6 Challenges to Combat Kharif 2017
India has attained an estimated record production of about 272 million metric tonnes in foodgrains and 33.6 million tonnes oilseeds. Pulses production is very encouraging. To keep the momentum on, a Kharif campaign 2017 is expected to rope in all States f
Capitalising good monsoon, India attained record Kharif production in 2016 and production estimates are very encouraging for 2017 as well. Prediction of a near normal monsoon has brought smile on the faces of the farmers. The government has once again geared up to keep the momentum on with effective implementation of several schemes and roped in the states to stragetise proper availability of inputs and other facilities to the farmers.
The Kharif season has began, therefore, it is imperative for the state governments to make plans to procure high-quality seeds of several types of crops and fertilisers for the farmers. The state governments should ensure that there is no scarcity of inputs during the cropping season.
1. Maintaining Higher Production Targets
It was indeed combined efforts of the Central and State Governments that resulted in attaining an estimated record production of about 272 million metric tonnes in foodgrains and 33.6 million
tonnes oilseeds. Pulses production jumped remarkably. According to the Second Advance Estimates of the Agriculture Ministry, pulses production was estimated at a record breaking 22.14 million metric tonnes. First stage forecast of the South West monsoon during Kharif 2017 has certainly added fuel to the fire and the Centre promptly exhorted the States to make all necessary arrangements of agricultural inputs for the farmers.
The Centre is making all efforts to fulfill its commitment to double the income of farmers by the year 2022 and several initiatives have been taken by the Centre towards this end. A roadmap has been prepared to scale up pulses production to 24 MMTs by 2021. Focus is also on achieving the target of delivery of soil health cards to all farmers and the first phase is expected to be completed by June-end. According to a senior official of the Ministry the second cycle of the Soil Health Card scheme will commence in May 2017.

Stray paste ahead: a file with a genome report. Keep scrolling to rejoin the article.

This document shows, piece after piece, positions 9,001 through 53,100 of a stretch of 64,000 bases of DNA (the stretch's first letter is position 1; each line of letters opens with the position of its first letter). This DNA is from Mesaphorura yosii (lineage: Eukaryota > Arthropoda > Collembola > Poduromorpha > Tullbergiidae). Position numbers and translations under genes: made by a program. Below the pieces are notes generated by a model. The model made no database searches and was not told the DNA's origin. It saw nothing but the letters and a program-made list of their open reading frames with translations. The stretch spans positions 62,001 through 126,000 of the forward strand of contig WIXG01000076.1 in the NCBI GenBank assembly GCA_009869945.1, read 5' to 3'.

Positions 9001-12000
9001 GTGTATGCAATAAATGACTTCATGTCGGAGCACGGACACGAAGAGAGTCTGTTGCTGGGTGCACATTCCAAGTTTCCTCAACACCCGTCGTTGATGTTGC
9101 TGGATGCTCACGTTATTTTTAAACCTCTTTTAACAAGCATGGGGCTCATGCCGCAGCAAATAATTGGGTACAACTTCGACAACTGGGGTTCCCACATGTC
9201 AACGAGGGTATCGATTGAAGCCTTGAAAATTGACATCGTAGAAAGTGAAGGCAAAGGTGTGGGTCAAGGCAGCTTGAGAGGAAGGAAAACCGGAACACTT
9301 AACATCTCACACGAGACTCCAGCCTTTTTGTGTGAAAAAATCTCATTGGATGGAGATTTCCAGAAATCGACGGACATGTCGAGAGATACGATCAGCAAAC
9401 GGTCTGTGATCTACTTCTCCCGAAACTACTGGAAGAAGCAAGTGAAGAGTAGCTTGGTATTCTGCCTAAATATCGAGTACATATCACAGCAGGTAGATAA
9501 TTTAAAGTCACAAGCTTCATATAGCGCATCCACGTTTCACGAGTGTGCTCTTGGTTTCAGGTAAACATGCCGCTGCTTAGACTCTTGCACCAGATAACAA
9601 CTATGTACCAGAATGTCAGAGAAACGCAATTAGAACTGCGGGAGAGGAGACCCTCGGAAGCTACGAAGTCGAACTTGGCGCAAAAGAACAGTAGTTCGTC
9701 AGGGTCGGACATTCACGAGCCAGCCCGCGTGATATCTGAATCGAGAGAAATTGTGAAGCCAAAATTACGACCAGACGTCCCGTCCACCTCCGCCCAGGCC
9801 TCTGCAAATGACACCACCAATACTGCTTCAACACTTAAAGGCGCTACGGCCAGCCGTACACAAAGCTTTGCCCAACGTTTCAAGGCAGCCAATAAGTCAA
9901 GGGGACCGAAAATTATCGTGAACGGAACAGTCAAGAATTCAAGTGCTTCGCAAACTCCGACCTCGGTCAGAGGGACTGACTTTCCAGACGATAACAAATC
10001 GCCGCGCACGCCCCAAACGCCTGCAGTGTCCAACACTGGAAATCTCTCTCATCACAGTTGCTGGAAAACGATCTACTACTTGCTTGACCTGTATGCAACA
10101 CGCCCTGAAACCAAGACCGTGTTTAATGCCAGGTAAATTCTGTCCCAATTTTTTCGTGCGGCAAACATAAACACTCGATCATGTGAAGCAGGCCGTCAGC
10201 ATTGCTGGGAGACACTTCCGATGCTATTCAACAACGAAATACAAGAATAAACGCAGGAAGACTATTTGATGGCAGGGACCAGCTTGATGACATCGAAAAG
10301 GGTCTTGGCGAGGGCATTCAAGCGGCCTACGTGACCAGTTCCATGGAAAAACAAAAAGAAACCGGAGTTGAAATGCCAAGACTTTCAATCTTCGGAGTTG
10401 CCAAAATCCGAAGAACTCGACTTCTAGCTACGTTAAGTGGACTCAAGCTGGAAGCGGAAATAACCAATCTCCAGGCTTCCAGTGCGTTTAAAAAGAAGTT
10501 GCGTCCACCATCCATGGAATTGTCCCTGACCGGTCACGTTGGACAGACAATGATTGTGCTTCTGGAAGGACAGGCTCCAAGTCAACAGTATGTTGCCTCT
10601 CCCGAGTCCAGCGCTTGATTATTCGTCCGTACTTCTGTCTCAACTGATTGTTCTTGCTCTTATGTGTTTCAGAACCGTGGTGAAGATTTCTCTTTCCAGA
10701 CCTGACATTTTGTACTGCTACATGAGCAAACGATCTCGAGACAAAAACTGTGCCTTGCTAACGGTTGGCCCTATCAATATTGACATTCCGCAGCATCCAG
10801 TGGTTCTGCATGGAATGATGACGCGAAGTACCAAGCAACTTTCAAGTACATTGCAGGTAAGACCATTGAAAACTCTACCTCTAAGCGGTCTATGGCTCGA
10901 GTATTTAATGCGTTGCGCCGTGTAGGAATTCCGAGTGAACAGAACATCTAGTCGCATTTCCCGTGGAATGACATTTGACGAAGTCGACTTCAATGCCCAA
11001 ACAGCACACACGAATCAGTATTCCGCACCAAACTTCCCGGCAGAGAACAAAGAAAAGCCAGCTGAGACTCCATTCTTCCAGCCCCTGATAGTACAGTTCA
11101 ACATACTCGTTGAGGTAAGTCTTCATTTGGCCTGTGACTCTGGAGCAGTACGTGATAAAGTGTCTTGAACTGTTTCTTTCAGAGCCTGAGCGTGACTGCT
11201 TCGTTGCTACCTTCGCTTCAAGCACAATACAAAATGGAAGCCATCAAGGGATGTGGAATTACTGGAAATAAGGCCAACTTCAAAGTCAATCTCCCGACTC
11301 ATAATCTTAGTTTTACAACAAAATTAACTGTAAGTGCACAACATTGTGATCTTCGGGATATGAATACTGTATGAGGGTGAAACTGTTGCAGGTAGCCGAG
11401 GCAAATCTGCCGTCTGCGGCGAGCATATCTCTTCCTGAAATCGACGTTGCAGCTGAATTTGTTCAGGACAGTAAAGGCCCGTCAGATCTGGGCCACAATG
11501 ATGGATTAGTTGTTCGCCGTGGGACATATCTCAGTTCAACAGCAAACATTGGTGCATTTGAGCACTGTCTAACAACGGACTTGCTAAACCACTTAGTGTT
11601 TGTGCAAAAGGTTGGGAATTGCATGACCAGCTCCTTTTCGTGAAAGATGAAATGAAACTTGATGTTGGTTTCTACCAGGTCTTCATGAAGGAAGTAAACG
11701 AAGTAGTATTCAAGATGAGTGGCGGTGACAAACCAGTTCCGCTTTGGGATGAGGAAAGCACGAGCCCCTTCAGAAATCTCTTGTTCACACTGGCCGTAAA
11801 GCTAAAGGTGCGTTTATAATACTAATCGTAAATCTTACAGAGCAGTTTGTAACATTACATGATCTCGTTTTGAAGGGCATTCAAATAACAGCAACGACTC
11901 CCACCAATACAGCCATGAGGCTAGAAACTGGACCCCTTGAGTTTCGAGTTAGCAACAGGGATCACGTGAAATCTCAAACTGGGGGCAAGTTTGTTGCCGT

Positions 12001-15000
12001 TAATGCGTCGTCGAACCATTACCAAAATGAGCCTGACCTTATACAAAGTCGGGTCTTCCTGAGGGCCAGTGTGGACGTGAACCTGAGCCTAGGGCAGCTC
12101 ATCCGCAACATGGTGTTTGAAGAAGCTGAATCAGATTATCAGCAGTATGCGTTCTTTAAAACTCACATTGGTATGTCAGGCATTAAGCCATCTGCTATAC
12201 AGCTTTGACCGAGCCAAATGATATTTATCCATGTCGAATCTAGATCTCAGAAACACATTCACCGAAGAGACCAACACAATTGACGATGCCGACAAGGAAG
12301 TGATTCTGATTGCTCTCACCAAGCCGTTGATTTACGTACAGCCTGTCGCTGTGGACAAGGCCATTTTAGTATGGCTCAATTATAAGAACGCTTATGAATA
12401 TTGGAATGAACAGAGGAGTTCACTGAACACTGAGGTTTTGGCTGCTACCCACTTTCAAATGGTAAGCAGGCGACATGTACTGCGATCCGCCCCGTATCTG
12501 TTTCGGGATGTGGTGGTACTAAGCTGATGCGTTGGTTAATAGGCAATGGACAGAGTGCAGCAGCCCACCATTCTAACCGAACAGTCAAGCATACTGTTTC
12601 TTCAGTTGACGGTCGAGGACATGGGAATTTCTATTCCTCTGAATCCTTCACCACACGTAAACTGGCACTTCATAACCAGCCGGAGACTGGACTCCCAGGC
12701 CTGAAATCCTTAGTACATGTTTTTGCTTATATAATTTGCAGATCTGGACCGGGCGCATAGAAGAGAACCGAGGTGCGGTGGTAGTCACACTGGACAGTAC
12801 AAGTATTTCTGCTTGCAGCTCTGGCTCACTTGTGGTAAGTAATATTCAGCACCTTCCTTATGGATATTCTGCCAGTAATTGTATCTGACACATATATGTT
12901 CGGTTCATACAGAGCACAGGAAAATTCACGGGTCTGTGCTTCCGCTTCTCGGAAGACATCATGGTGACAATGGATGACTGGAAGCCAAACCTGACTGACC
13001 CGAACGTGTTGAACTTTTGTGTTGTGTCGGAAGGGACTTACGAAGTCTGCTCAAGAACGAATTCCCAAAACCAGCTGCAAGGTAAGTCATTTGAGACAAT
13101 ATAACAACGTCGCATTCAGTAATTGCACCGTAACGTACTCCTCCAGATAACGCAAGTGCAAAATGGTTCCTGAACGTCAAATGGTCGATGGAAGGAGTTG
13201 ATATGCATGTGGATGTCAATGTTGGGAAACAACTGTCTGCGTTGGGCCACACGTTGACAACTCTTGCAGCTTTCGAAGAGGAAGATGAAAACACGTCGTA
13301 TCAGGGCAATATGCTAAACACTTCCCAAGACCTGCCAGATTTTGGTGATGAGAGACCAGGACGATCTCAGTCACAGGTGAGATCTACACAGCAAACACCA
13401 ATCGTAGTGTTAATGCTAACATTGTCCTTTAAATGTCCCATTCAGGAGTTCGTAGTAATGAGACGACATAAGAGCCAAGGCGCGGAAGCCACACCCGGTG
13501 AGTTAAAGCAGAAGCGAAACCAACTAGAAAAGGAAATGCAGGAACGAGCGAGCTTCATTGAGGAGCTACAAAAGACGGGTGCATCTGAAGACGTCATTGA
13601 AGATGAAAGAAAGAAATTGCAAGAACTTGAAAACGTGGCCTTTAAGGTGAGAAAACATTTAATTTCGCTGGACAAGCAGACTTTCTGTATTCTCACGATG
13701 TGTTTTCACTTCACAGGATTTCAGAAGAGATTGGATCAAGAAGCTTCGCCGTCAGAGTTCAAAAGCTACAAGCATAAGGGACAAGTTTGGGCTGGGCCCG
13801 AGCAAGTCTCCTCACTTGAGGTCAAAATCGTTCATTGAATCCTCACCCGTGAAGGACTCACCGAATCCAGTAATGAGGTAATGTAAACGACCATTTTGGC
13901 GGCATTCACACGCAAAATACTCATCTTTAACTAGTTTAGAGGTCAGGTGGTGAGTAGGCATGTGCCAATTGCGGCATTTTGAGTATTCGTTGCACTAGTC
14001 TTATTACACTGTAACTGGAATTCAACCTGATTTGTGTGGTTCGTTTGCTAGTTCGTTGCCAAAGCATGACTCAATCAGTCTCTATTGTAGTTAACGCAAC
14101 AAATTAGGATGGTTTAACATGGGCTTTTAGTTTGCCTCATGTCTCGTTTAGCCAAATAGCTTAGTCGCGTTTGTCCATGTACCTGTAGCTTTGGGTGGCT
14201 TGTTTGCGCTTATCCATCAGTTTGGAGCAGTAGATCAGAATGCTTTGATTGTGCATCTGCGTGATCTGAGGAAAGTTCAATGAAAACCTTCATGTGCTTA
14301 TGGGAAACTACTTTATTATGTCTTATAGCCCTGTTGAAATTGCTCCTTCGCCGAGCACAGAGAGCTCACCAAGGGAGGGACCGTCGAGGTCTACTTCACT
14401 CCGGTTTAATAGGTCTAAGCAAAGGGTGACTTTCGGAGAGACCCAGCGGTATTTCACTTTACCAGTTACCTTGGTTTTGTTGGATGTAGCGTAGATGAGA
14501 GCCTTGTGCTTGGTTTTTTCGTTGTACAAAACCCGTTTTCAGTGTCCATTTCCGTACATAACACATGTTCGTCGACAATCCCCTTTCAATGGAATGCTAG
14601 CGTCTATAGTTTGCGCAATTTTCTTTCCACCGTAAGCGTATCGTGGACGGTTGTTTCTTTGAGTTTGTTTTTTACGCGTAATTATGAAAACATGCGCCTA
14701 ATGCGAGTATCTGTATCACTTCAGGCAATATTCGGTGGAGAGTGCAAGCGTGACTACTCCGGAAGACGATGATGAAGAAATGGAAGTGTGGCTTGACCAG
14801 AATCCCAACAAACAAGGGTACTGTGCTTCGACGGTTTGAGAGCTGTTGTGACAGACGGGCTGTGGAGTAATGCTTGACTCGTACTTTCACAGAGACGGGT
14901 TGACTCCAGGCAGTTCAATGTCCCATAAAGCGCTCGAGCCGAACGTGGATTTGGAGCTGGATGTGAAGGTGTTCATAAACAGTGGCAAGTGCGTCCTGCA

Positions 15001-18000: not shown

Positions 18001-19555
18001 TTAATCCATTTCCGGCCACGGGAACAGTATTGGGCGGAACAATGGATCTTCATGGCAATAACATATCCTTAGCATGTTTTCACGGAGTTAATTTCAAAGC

2. Efficacy of Schemes
The government has launched various schemes for the farmers. Pradhan Mantri Krishi Sinchayee Yojana, Pradhan Mantri Fasal Bima Yojana, Soil Health Management, Paramparagat Krishi Vikas Yojana, E-Nam, Agroforestry (Medh Par Ped) and Neem coated Urea to name a few.
The Pradhan Mantri Fasal Bima Yojana and Irrigation schemes are likely to be the game changer. It is expected that with higher and adequate allocations for the current year, the States will further expand the coverage. Union Agriculture Minister Radha Mohan, on several occasions including a recently held national conference on Kharif Campaign encouraged States to implement the Paramparagat Krishi Yojana in a mission mode to promote organic farming, particularly in the rainfed and hilly areas. He also reiterated the need to introduce marketing reforms in agriculture sector to enable farmers a better price realisation.
The Pradhan Mantri Fasal Bima Yojana was launched from Kharif, 2016. Under this new scheme, comprehensive risk coverage from pre-sowing to post-harvest losses has been provided. Now the States need to leverage technology in the implementation of the scheme and achieve the targets for insurance
coverage of 40 percent and 50 percent of the total cropped area/ farmers during 2017-18 and 201920 respectively. It was absolutely imperative that all flagship schemes of the Centre are given the highest priority to bring about material improvements in the lives of the farmers.
Agriculture Secretary, Shobhana K. Pattanayak pointed out the multi-pronged strategy needed to double farmers’ income by 2022. For funding the sector through Rural Infrastructure Development Fund or Dedicated Irrigation fund under NABARD, he said, “The Centre will go by the choices of the States and the way they want to get and utilise the fund. The states should take initiatives to reduce cost of production, bridging the yield gaps in productivity and ensuring better price realisation for the farmers.”